Facing disappointment in a local food system

This is Fraser of Old Mill Road BioFarm during the market’s “Hungry Gap” of spring 2013, but the gap in 2018 has started in July, thanks to drought and a perfect storm of other circumstances.

Getting feedback is a funny thing. For every comment saying there’s too much of one thing, there’s another comment saying there’s not enough. The funny thing is, both comments are equally valid. It’s an odd reality that has shades of Schrödinger about it; that two opposing things can both be valid at the same time, but it’s a reality we at the market deal with all the time.

It’s the challenge of balancing supply with demand and it never ends. Trying to reconcile the needs of the consumer with the needs of the farmer, which are often in conflict, is a never ending process of compromise and communication.

In our recent SAGE membership survey, a comment was made that we often voice things too negatively. OK, as someone who often writes and speaks for SAGE (mostly concerning the market), I’m happy to take that on board. But as you might expect, during this last week, I received an excellent piece of feedback from a visitor passing through indicating the opposite. At our last committee meeting, we discussed this visitor’s email and my response and we decided it was worth sharing, as it provides some interesting and useful information about the state of our local food system over the next few months.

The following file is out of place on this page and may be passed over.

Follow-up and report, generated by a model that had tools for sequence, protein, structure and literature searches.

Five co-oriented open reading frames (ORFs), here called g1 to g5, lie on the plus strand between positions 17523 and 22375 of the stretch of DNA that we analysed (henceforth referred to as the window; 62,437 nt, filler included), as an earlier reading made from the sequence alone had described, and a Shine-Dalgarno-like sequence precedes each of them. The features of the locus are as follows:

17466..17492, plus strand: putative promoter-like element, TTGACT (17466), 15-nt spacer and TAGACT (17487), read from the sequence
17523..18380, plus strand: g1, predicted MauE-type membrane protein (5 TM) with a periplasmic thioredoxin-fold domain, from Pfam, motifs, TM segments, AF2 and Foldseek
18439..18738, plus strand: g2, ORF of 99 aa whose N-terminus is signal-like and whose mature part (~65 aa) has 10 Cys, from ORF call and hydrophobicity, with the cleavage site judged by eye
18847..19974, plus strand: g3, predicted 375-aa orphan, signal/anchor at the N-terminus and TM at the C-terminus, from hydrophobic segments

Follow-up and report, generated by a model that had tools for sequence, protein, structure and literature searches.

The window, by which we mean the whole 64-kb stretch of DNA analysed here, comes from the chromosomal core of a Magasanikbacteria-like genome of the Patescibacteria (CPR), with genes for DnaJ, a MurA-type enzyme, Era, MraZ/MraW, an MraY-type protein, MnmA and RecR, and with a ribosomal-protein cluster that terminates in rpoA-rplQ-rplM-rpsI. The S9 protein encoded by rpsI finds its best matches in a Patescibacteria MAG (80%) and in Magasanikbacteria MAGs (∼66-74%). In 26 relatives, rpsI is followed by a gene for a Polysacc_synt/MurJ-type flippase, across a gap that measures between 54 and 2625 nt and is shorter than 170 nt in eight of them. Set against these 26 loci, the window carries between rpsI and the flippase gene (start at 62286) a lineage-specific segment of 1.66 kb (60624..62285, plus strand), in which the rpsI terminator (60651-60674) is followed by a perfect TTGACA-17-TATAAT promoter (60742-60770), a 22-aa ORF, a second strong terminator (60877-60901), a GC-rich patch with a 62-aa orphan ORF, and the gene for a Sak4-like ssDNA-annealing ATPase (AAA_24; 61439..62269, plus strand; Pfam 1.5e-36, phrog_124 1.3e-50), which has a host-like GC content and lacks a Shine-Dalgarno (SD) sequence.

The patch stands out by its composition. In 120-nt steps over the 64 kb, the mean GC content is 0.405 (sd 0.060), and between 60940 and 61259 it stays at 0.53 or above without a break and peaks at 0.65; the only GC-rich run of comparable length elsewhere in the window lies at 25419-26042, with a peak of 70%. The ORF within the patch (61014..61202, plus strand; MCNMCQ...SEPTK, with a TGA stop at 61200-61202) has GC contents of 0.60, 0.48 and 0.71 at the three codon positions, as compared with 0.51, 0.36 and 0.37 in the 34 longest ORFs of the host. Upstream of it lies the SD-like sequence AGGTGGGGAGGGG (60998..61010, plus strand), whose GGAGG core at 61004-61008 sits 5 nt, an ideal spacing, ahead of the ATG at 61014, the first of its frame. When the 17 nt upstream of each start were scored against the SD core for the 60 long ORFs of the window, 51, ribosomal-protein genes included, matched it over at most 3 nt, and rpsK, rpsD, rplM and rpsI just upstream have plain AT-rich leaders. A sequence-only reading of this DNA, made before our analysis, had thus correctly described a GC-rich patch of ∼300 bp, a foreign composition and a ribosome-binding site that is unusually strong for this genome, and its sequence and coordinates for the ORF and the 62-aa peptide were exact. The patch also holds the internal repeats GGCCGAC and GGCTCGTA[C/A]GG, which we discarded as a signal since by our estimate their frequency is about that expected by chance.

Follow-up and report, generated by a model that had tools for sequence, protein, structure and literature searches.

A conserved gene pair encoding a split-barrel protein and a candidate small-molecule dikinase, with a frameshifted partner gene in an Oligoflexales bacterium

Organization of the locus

Here’s what I’m talking about:


Last week on a planned trip down the coast from Wollongong to Bega, I made a point of stopping in at the SAGE Market in the hope of picking up fresh produce for my 3 days away from home. I had deliberately not shopped at the Supermarket so that I could obtain fresh from the farm produce and importantly, spend my dollars supporting those who grow and sell their own produce.

Having arrived at the market around 4pm, you can’t imagine my disappointment in finding not a single stall with any fresh vegetables left. Having talked up the opportunity of buying fresh organic produce to my travelling companion, the only thing I left with was the egg on my face.

From all the publicity, emails and other online material, I had high expectations of many stalls with abundant product to sell. All I saw was Fish, Eggs and the usual conserves. Did I mention the bored farmers sitting at empty stalls or on the beck of their utes? As a consequence, I was forced to visit a Supermarket in Bega to obtain veggie supplies for my trip. Truly disappointing!

So, is this normal? I would certainly find it difficult to waste my time stopping in at the Market on future trips and it’s very unlikely I could recommend it to anyone else.

Yours disappointedly,


When I first read this, I couldn’t blame him for being disappointed. Why wouldn’t you be? I’m sure there are others like John who don’t take the time to let us know about their experience, but I was very glad he did, as it gave me an opportunity to respond and hopefully provide some insight into how local food systems work.